Of Ghats And Grids
A tribute to artist Ram Kumar whose landscapes resembled a patched-work quilt of deep emotions expressed through a pantone of colours
The passing away of art maestro Ram Kumar on 14 April at the ripe old age of 94 left a huge void in the world of modern Indian art. The artist par excellence, a recipient of the Padma Bhushan, was among the pioneers of the post-partition art movement in India. Though he was not a member of the Progressive Artists Group, Kumar was a close friend of S.H. Raza and M.F. Husain. Raza especially greatly influenced his work, and style.
Shimla-born Kumar was best known for the fusion of private and public spaces, which characterised a unique lexicon that made his works distinctive and memorable. His favourite hunting grounds were the sacred ghats of the Ganges in Benaras. Through a mix of figurative and abstract renditions, he gave the Holy City a spiritual interpretation very different from any of his peers. Stylistically his crooked temples, slanted spires, jagged streets and disorderly landscapes were stitched together in a beautiful canvas of colours that had the stamp of genius. A trait that obviously flowed in the family. Kumar and his elder brother renowned writer Nirmal Verma have been often compared to Van Gogh and Theo, and Raza Foundation trustee, artist Manish Pushkale calls them “the Ravi Shankar and Uday Shankar” of art and literature.
Kumar’s work progressed from monochromatic representations of landscapes, represented through flowing strokes of black, white and grey to a more eternal and timeless rendition of cityscapes that looked almost real despite being abstract. Ram, who studied in Paris under Fernand Léger and André Lhote, and back home under Sailoz Mookherjea had mastered the use of white as a background and used architectural grids that made his landscapes look structured and geometric despite actually being fluid and lyrical.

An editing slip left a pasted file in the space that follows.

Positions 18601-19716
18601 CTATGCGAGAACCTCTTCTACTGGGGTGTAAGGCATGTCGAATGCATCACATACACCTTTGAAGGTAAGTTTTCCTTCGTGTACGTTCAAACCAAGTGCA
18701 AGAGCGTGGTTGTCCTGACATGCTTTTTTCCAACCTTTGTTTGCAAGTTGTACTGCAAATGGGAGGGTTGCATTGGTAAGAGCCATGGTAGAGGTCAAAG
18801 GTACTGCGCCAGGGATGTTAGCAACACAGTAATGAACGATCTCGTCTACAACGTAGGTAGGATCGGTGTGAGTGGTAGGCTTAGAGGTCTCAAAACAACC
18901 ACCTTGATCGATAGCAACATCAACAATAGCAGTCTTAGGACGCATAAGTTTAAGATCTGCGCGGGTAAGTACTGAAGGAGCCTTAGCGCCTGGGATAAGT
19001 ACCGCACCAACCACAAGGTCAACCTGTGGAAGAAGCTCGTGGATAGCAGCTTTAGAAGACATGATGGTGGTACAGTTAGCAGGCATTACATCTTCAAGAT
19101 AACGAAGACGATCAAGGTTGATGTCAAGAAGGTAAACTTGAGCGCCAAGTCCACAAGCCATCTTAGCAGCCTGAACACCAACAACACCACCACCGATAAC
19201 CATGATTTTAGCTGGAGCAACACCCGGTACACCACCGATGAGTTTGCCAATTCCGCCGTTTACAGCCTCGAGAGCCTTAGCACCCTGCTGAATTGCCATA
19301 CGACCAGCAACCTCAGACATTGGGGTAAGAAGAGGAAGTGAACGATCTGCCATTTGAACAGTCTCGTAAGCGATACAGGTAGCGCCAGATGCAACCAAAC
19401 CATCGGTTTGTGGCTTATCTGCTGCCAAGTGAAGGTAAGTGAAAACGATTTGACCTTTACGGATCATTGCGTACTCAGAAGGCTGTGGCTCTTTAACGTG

Yusuf, the curator of the Patna Museum, who knew him since 1983 says of Kumar, “He was always cautious and serious about the simplification of lines”.
Veteran artist Gogi Saroj Pal says, “His was a literary and philosophical approach to art. His paintings were multi-layered, not just in colours, but in the emotions and aspirations they depicted”.
Kumar, whose painting, 'The Vagabond' fetched a record $1.1 million at Christie’s a decade ago, continues to rule the Indian art market. Buyers find his works to have the humility and simplicity of an era gone by, while retaining a timelessness which only real art can have.
Kumar is no longer in our midst. His paintings will continue to adorn walls, in homes and museums, bringing infinite joy to the hearts of collectors and art connoisseurs.
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